Experts are raising alarms that gardeners may be inadvertently killing earthworms with soil conditioners marketed as “organic.” They are calling for tighter regulation on these products, which can poison the invertebrates.

Charles Darwin recognised the critical role of earthworms in enhancing soil structure and fertility, dedicating his final book to them.

He added: “It may be doubted if there are any other animals which have played such an important part in the history of the world as these lowly organised creatures.”

Despite their importance, some gardeners seek to remove worm casts from their lawns. These casts, which are worm excrement, can be considered unsightly, especially when squashed and spread over the surface.

Numerous products available to gardeners and greenkeepers claim to combat these casts, reducing the need for manual removal. However, many of these products contain saponins, substances highly toxic to earthworms. Some are marketed as “organic soil conditioners” without mentioning their lethal effect on worms. Others claim to “irritate and deter” worms, driving them deeper into the soil, without disclosing the harmful active ingredients.

Experts point out that soil conditioners are lightly regulated and do not undergo the rigorous risk assessments required for pesticides, despite their potential toxicity to garden creatures.

Earthworms play a crucial role in breaking down dead plant material into nutrients, contributing to healthy soil, which is essential for a thriving garden and broader ecosystem. The Royal Horticultural Society highlights that worm casts are beneficial for the soil and can be used as a nutrient-rich potting medium, discouraging their removal.

Worm populations are believed to be declining, though studies are limited. Recent research suggests UK worm numbers may have dropped by about a third in the past 25 years.

Prof. Dave Goulson, a biologist at the University of Sussex, has written extensively on gardening in harmony with invertebrates and is investigating these soil products. He said: “Dozens of products are being sold to gardeners and groundskeepers, especially [at] golf courses, to combat worm casts. Many contain saponins, found in one scientific study to be ‘highly toxic’ to earthworms.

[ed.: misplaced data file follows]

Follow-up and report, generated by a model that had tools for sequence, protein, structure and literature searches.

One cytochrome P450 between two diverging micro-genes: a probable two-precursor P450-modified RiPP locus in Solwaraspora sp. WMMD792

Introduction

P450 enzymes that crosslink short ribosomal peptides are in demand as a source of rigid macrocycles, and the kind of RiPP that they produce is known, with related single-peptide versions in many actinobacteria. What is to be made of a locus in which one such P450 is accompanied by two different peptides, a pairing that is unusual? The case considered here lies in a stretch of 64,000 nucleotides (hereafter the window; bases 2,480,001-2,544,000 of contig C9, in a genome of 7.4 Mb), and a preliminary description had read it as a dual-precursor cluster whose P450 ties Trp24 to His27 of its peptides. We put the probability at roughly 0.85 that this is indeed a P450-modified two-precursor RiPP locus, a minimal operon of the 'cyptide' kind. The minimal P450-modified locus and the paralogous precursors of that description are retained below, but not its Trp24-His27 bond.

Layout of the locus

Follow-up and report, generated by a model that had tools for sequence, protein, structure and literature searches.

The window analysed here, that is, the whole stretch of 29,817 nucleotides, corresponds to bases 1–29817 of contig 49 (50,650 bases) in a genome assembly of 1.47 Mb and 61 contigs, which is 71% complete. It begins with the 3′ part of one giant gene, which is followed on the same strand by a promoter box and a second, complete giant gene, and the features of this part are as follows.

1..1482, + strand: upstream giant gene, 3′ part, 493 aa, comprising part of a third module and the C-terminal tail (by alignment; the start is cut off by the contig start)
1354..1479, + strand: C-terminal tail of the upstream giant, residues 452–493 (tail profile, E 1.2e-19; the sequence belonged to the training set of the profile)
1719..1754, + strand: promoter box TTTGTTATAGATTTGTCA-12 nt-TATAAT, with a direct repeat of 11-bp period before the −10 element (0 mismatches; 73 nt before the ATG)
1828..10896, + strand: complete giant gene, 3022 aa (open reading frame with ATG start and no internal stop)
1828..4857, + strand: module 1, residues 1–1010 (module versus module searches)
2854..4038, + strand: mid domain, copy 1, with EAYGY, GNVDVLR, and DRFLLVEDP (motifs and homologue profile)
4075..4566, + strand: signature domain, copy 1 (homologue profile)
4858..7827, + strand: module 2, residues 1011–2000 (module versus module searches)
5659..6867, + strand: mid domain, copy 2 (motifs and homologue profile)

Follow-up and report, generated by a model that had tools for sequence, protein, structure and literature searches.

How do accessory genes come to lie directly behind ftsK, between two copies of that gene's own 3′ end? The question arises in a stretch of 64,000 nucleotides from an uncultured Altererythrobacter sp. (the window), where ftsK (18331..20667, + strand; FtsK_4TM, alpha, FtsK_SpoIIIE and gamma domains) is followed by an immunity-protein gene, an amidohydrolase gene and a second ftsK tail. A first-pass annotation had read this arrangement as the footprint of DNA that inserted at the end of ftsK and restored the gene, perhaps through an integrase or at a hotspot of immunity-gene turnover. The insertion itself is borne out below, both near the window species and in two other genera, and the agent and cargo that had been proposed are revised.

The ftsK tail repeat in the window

“The products are widely marketed online, with some bulk products obviously aimed at professional greenkeepers, other smaller bottles aimed at gardeners. The saponin usually seems to derive from ‘tea seed’, so is an organic product, but that doesn’t mean it is harmless: botulinum toxin and cyanide are organic. Groundskeepers should not be allowed to poison earthworms while pretending to ‘condition’ the soil. It seems to be pesticides by stealth.”

Campaigners are urging the government to examine these products and suspend their use until their effects on earthworms and other wildlife are fully understood.

Nick Mole, a policy officer at Pesticide Action UK, said: “Fertilisers and soil conditioners aren’t subject to anywhere near the same level of scrutiny as pesticides. They don’t appear to go through a risk assessment process to ascertain if they are harmful to non-target species such as earthworms, which is highly concerning given how widely they are used.

“Any substance that is intentionally released into the natural environment has the potential to cause harm, even those labelled as organic. Now that the alarm bells have been sounded the UK government must act quickly to suspend use of these products while they investigate further, including conducting thorough risk assessments looking at the impact of these products on earthworms and other wildlife, including aquatic species. Or will the government sit on its hands for another 10 years, as it did with neonicotinoids and bees?”

A Department for Environment, Food and Rural Affairs spokesperson said: “Decisions on the use of pesticides are based on careful scientific assessment of the risks. Pesticides are only allowed on to the market if they meet strict environmental requirements and pose no threat to human health.”



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